With the release of this first "real" solo album, Dominique di Piazza crowns one of the most remarkable jazz comebacks in recent memory. Seventeen years ago di Piazza was tapped by guitarist John McLaughlin to take part in his still-evolving rotation of the world's greatest electric bassists. A year later, di Piazza's career path diverged completely, only to be revitalized in 2000 with the release of the Front Page
(Emarcy/Universal) collaboration with guitarist Bireli Lagrene and drummer Dennis Chambers. Increased live appearances and sideman activity followed, recently showcased in bass-centric circles by performances with McLaughlin's most recent discovery, Hadrien Feraud, on that bassist's self-titled
Dreyfus Records debut.
Di Piazza continues a proclivity for working together with guitarists of all stripes in trio formats, continuing here with the incredible Nelson Veras. While di Piazza is a French five-string electric bassist of Sicilian Gypsy descent, Veras is a French nylon-string specialist of Brazilian descent. Both are virtuosos of unequaled proficiency and liquidity sharing musical heritages placing great value on harmonic acumen coupled with brazen technique.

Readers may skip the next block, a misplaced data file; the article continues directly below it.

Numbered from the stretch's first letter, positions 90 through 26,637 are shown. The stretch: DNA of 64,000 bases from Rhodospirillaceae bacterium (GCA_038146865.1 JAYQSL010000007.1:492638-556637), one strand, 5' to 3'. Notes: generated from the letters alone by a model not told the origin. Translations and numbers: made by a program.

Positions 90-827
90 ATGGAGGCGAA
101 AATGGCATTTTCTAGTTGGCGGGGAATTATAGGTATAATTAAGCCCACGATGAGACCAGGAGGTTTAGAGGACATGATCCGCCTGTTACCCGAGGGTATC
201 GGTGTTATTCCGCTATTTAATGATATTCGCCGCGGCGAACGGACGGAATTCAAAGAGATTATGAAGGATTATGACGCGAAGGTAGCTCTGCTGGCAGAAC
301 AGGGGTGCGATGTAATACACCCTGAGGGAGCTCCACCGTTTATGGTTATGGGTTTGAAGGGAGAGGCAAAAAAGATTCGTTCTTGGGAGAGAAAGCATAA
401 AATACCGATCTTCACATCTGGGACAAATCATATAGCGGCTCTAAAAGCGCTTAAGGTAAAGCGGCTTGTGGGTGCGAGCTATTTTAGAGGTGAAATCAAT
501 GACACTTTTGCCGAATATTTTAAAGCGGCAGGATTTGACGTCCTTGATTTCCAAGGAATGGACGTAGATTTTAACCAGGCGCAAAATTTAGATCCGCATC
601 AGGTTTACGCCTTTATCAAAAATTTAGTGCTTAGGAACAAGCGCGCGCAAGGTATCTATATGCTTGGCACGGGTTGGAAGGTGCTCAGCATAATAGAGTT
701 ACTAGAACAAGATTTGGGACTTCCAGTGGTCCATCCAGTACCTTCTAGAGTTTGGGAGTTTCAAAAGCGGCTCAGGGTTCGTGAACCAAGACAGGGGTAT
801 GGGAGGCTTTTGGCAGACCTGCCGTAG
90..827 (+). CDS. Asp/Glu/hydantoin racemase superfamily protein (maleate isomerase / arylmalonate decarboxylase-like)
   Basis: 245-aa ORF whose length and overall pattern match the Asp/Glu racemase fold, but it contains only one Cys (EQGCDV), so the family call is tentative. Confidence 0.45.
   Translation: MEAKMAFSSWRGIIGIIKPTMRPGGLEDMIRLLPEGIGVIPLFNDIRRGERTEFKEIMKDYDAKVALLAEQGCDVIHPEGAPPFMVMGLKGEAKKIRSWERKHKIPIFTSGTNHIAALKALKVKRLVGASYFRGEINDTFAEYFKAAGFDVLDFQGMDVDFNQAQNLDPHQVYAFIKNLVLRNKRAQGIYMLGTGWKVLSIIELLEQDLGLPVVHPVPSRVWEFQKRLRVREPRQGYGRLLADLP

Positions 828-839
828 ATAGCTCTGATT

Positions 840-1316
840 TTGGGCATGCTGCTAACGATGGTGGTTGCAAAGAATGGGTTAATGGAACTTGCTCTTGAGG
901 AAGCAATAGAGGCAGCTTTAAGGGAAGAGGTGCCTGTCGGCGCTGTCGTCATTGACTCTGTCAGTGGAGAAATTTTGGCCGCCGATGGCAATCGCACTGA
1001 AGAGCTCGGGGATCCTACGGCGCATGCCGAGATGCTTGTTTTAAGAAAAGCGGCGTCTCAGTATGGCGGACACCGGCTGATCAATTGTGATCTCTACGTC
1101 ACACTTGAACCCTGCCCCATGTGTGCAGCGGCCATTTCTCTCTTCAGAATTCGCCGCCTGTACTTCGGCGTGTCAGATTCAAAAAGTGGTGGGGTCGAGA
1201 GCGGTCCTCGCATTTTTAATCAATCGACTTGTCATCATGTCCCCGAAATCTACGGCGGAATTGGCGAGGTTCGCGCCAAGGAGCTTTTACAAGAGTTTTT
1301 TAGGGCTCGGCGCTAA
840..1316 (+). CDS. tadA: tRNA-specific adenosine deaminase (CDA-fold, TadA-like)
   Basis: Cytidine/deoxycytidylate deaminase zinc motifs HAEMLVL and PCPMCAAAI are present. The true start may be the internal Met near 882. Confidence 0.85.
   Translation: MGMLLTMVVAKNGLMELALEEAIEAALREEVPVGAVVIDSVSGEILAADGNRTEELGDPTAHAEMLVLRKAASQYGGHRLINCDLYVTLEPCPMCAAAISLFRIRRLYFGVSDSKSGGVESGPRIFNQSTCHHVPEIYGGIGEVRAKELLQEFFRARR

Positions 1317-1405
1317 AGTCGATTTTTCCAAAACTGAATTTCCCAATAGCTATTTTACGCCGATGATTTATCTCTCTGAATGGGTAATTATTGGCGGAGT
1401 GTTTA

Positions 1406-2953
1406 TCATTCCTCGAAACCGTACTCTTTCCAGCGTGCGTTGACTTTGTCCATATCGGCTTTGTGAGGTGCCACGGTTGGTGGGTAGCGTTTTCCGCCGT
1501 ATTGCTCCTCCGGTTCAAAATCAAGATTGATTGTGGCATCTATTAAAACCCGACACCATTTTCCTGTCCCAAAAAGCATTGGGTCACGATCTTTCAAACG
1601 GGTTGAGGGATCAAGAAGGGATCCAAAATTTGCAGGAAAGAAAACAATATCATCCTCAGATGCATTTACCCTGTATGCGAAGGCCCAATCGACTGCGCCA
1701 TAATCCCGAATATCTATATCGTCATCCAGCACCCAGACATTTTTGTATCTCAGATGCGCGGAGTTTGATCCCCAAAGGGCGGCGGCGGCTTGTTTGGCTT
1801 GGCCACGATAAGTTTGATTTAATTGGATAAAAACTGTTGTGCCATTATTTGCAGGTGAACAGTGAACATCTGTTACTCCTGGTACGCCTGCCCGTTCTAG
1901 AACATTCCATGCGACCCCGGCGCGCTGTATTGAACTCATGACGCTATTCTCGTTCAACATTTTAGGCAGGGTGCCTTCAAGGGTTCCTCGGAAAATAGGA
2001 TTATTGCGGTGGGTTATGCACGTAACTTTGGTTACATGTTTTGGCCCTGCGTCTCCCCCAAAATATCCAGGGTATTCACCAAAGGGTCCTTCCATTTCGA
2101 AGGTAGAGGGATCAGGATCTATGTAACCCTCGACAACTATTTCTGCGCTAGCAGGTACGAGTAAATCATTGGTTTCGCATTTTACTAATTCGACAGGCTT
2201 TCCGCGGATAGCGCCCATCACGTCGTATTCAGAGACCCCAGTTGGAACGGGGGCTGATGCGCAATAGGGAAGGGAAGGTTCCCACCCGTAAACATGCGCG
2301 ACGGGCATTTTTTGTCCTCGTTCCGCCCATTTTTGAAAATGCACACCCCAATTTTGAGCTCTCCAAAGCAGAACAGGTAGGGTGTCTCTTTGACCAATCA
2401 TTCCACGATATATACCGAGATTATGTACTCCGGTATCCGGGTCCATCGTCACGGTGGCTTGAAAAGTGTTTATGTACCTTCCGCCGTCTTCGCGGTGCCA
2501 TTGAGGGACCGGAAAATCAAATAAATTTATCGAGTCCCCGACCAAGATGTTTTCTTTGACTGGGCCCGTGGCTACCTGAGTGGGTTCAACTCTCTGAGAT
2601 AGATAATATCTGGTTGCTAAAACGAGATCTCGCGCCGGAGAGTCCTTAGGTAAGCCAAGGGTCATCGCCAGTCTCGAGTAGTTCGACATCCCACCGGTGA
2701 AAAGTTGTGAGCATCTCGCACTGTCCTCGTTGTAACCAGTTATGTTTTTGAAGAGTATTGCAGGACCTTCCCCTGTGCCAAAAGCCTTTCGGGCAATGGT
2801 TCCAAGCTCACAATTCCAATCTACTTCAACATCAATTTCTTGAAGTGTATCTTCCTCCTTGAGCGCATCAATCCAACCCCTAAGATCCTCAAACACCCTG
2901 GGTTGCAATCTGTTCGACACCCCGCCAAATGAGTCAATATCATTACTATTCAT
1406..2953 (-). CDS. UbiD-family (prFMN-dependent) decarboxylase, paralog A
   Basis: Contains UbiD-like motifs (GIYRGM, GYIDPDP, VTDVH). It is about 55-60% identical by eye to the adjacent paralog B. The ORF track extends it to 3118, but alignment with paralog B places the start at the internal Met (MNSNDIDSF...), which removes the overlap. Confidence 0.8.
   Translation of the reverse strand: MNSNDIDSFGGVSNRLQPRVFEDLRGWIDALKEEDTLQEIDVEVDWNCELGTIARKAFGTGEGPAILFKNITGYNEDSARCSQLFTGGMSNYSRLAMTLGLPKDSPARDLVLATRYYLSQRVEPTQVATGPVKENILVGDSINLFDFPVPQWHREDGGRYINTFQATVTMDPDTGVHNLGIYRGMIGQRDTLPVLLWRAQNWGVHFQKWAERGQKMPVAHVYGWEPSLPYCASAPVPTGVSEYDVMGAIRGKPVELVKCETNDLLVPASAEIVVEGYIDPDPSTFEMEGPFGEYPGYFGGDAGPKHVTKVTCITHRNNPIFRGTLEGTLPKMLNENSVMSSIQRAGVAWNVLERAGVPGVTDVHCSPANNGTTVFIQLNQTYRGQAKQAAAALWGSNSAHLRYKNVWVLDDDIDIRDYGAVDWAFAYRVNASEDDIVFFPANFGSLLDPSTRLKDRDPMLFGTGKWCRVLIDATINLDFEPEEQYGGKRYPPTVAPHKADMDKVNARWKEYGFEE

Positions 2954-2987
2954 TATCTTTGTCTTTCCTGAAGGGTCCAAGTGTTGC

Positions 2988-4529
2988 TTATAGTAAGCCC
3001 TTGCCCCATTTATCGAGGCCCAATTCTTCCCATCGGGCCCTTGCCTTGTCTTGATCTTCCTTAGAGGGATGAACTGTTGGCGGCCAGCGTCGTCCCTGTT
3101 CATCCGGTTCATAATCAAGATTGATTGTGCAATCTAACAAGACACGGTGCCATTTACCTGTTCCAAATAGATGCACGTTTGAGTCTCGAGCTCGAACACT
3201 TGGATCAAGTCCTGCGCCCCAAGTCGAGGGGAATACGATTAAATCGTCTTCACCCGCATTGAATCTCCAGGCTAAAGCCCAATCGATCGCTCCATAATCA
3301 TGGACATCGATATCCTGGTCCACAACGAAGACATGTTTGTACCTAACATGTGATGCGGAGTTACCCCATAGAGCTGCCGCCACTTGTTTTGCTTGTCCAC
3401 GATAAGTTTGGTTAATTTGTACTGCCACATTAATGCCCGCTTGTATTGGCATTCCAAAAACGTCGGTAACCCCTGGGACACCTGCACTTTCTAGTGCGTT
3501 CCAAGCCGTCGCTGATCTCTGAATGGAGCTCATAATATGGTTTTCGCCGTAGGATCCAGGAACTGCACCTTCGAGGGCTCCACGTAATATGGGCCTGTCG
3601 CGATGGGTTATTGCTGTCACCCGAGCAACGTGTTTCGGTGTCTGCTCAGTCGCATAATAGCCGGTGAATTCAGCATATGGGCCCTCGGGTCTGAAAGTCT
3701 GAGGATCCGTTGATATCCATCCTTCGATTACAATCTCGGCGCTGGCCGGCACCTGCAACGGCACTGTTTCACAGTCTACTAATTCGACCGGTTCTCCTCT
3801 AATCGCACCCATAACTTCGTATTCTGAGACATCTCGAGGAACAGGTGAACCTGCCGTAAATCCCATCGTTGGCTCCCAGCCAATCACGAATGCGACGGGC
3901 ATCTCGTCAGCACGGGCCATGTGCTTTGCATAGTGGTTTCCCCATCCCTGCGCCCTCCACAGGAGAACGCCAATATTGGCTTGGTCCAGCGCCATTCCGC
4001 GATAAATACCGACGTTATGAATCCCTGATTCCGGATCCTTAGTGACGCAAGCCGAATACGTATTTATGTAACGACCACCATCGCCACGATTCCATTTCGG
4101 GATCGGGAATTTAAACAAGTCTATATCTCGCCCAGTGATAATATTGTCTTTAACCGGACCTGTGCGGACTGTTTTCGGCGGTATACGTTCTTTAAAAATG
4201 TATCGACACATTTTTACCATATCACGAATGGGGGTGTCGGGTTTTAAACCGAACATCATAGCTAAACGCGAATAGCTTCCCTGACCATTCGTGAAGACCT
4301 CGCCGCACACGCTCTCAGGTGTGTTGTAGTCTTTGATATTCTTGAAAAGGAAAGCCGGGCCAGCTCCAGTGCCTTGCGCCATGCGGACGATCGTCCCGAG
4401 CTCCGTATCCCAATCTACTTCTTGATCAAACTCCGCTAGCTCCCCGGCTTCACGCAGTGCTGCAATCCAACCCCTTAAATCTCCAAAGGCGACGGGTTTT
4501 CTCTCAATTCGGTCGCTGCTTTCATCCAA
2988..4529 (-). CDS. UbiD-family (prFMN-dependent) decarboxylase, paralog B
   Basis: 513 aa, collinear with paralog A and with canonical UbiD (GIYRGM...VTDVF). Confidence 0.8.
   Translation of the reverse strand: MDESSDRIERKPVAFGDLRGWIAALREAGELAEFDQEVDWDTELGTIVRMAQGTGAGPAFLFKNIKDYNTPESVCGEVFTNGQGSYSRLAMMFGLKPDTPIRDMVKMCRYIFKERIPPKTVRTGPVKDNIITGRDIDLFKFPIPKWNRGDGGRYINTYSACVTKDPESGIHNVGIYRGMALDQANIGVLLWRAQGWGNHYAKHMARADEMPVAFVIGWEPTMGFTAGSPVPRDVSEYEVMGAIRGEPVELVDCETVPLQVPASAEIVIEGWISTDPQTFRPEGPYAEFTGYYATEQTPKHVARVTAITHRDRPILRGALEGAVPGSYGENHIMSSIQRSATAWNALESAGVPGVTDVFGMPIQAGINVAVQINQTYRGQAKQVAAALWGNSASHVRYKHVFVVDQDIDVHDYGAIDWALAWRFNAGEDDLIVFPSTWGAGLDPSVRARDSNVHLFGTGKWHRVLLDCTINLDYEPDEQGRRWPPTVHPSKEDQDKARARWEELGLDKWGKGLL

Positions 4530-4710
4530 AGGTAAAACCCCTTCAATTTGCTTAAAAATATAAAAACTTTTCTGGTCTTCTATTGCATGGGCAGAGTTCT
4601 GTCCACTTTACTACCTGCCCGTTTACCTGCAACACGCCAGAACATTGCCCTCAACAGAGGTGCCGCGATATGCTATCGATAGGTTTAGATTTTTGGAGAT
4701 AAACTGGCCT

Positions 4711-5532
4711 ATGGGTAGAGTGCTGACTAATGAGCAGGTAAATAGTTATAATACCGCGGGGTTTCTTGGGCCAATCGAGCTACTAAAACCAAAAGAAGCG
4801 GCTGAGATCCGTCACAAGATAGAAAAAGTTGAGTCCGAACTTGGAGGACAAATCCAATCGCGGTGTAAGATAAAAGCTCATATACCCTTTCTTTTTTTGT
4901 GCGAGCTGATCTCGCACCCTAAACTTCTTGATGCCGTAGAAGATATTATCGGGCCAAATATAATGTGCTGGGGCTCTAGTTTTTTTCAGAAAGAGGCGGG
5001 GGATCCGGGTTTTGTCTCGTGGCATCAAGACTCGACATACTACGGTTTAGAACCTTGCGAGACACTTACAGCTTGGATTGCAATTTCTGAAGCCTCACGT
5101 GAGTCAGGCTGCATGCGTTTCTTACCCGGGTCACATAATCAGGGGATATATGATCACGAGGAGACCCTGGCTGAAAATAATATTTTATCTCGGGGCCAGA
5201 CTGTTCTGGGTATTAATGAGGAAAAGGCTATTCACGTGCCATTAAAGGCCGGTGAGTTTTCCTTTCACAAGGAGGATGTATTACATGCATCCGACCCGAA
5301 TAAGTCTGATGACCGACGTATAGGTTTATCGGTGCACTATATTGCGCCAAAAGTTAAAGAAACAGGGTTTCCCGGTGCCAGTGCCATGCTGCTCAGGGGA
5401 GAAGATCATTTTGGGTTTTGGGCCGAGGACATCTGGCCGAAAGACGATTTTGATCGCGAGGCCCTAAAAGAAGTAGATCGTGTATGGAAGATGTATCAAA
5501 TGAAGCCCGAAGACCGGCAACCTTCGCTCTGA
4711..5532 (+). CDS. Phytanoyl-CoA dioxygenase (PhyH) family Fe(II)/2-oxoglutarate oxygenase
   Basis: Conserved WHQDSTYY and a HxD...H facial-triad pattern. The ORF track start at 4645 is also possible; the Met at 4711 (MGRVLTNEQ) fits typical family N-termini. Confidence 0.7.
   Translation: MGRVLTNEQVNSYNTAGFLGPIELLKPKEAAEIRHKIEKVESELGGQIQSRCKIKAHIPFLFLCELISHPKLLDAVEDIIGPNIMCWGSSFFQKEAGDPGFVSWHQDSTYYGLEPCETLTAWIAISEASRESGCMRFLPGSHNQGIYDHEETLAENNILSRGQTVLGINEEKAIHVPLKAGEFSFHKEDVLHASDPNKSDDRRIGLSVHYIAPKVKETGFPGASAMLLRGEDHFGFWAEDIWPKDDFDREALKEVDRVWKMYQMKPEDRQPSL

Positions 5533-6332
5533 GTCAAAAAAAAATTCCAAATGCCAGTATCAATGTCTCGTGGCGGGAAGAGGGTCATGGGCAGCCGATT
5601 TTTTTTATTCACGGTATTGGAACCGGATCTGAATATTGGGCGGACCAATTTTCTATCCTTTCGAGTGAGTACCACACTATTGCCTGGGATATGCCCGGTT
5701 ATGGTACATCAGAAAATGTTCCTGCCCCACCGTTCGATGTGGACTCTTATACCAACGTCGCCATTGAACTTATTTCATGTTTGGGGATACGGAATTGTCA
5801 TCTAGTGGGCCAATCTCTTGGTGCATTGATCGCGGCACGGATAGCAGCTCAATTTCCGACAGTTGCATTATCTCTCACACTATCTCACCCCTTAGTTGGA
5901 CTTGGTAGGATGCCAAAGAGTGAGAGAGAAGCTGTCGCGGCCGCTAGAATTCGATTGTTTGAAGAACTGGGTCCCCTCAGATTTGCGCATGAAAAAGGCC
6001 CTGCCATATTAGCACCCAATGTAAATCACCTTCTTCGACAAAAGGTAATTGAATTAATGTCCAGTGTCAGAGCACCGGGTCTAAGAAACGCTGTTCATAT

Although di Piazza plays a more physically challenging instrument and thicker strings, he stands together with fellow gypsy Lagrene at the pinnacle of warp-speed arpeggiators, heard immediately on di Piazza's version of "Nuages," executed at a speed that most would think utterly impossible on a bass guitar. di Piazza uses a transparent, woody tone and abets his prodigious right-hand technique with the addition of a banjo-style thumbpick used for all manner of beyond-rasguedo picking techniques. What a foil di Piazza would make for Paco DeLucia! Maybe some new prodigy will soon be able to execute something like this, but they'll never be able to come at it from as authentic a perspective as di Piazza.
Di Piazza is also a tone specialist, eliciting a thick fretless growl from fretted instruments by using a bridge of his own invention. "St. John" showcases this sound with a sinister loop supporting Veras' gorgeous melody and that staggering, more linear, single-note solo over the loop. Veras creates and resolves tension over this vamp at hyper-speed, indicating that, at the tender age of thirty, he's carved out a singular space for himself as an authentic jazz player exclusively on the nylon-stringed axe.
How dare they cut a tune called "Wake Up," which basically takes their collective otherworldly chops quotient up by a power of ten. Abetted by Manhu Roche's ride cymbal pulse, di Piazza's tensing with anticipation is palpable, as he supports Veras' spinning of line-after-line of flawless post-bop, until he bursts forward with his own volley of inside-out superimpositions.
Part of the jazz tradition involves recordings like this that change perceptions of proficiency. Di Piazza proves, with Princess Sita, that he will continue his track record of futurizing electric bass technique, while Veras places himself firmly in the vanguard of the world's finest guitarists. But songs like the final three, capped by Dominique's literal "Torrent D'amour," rich in lyricism and attentive to dramatic arc, also make this one of 2008's essential releases.